The European Commission has said it has no intention of revisiting the controversial appointment of its top civil servant – despite being asked to do so by MEPs.
The European Parliament today called for the double promotion given to Martin Selmayr, a former aide of Commission President Jean-Claude Juncker, to be “reassessed.”
The motion passed by MEPs described the process of his appointment as a “coup-like action which stretched and possibly even overstretched the limits of the law.”
But the Commission immediately ruled out Mr Selmayr’s removal, effectively ending a two-month long inquest into allegations of cronyism that saw Mr Juncker threaten to quit if his ally was forced out.
UKIP MEP Nigel Farage said it showed the Parliament was “powerless to stop this nepotism.”
Green MEP Bart Staes, who wanted Parliament to demand the process be reopened, said: “It is regrettable that MEPs did not take this chance to take concrete action.”
And Jean Quatremer, the French journalist who first reported the scandal, said it showed “European democracy is a farce.”
The scandal began when Mr Selmayr was made secretary general of the Commission – a job he hadn’t applied for – in February after being given two promotions in nine minutes.
The politically-savvy German official had applied to be the deputy secretary general in order to maintain his influence when Mr Juncker finishes his term next year.
His appointment was approved at a meeting of Commissioners on February 21.
Minutes later, Mr Juncker told the meeting that the then secretary general was retiring and proposed Mr Selmayr as a replacement. Commissioners – including the UK’s Julian King – agreed.
Dutch MEP Peter Van Dalen said today: “We all know that Selmayr’s appointment was decided before the process even started.”
The Commission subsequently said that Brexit was among immediate challenges which prevented it from running an open competition for the top job.
Some political groups pushed for the Parliament to demand that the Commission “reopen” the hiring process.
Mr Staes said: “We work hard to convince voters that the EU represents their interests and to tackle the pernicious myths of a self-serving old boys club.
“The Commission’s recent actions have made this task that bit harder, but they can still do the right thing and re-open the appointment of the Secretary General.”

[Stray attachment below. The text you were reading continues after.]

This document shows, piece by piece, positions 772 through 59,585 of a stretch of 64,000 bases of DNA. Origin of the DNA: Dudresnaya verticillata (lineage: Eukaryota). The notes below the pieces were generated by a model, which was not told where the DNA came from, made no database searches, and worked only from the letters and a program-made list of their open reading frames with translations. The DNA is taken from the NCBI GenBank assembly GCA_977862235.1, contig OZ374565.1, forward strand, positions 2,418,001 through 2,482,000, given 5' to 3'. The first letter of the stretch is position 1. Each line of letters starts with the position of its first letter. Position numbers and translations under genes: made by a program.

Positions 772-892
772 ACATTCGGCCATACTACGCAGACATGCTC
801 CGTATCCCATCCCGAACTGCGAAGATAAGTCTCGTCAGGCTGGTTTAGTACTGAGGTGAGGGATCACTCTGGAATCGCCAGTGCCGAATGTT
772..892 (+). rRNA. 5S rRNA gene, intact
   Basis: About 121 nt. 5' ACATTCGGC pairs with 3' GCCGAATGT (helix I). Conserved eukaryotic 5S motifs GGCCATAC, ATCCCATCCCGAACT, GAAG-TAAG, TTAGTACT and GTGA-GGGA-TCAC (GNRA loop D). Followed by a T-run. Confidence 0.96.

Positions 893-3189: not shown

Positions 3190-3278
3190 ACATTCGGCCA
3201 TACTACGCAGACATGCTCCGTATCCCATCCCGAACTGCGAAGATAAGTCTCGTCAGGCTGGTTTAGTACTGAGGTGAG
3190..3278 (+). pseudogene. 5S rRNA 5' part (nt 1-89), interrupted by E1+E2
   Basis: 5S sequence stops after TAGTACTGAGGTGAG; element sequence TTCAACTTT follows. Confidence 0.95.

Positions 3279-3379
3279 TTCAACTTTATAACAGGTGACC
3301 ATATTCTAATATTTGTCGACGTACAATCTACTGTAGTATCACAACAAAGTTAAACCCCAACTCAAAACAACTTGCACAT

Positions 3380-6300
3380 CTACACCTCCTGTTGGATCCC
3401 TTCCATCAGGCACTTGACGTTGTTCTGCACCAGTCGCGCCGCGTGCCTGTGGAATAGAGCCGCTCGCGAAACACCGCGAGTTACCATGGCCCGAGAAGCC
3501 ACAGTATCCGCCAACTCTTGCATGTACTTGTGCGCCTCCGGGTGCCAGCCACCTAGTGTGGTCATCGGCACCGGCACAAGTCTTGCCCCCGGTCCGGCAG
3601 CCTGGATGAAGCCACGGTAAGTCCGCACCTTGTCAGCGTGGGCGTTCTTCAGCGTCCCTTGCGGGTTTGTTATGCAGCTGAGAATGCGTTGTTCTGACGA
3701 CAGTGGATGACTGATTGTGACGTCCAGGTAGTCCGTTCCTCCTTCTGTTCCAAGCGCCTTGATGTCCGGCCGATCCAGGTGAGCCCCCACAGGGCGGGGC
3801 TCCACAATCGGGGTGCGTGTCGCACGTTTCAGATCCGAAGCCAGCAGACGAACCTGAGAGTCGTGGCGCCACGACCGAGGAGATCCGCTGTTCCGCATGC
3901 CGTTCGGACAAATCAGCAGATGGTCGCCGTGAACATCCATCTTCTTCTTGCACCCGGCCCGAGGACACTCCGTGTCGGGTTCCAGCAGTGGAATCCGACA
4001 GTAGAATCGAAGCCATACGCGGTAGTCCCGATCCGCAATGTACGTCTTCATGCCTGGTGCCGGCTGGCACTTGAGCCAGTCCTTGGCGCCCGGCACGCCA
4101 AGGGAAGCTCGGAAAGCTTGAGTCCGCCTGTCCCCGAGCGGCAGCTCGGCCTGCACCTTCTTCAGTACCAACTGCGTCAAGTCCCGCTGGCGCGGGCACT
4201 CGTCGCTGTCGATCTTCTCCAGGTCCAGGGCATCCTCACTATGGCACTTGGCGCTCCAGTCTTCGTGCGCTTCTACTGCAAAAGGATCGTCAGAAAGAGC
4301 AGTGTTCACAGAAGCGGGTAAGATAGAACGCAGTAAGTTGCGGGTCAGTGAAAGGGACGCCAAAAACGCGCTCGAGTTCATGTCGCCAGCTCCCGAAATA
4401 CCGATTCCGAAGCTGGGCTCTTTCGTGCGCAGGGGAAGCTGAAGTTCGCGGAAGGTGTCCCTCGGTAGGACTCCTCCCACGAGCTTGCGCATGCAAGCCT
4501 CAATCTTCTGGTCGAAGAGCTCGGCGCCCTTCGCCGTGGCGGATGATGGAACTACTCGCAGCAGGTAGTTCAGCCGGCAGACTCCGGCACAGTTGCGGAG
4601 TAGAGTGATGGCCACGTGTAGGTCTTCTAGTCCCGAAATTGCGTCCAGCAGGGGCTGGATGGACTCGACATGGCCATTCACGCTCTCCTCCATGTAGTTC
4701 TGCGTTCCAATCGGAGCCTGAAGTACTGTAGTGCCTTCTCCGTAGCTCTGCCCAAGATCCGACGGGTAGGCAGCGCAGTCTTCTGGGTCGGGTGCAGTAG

The Parliament could have delayed the discharge of the Commission’s budget for 2016 until the Commission had re-opened the process.
But that proposal didn’t win support from the larger blocs of MEPs, including the centre-right EPP group which includes parties to which Mr Selmayr and Mr Juncker belong.
Instead, a compromise motion called for the Commission to: “Reassess the procedure of appointment of the new Secretary-General in order to give other possible candidates within the European public administration the possibility to apply.”
Centre-left MEP Ines Ayala Sender defended the motion, saying: “We worked very hard to get a compromise resolution, supported by a large majority among all other groups, and we welcome the achievement we were able to reach.”
She added: “We demand the Commission to reassess the appointment of the Secretary-General under the new rules which should ensure the nomination of the best candidate by giving all possible candidates the possibility to apply and compete.”
However, soon after the vote, the Commission issued a statement insisting they had the “followed all the rules both in spirit and to the letter” and would not act on Parliament’s request.
“The Commission decision to appoint its new Secretary-General cannot be revoked and we will not do so,” said budget commissioner Gunther Oettinger.
In response to calls from MEPs for the Commission to review its procedure for appointing senior officials, Mr Oettinger said he would convene a “round table” to discuss how rules can be better applied.
In a parting shot to the Parliament, he concluded: “Senior management appointments should under no circumstances become the subject of negotiations between Member States and political parties. All EU Institutions have a shared responsibility to ensure this.”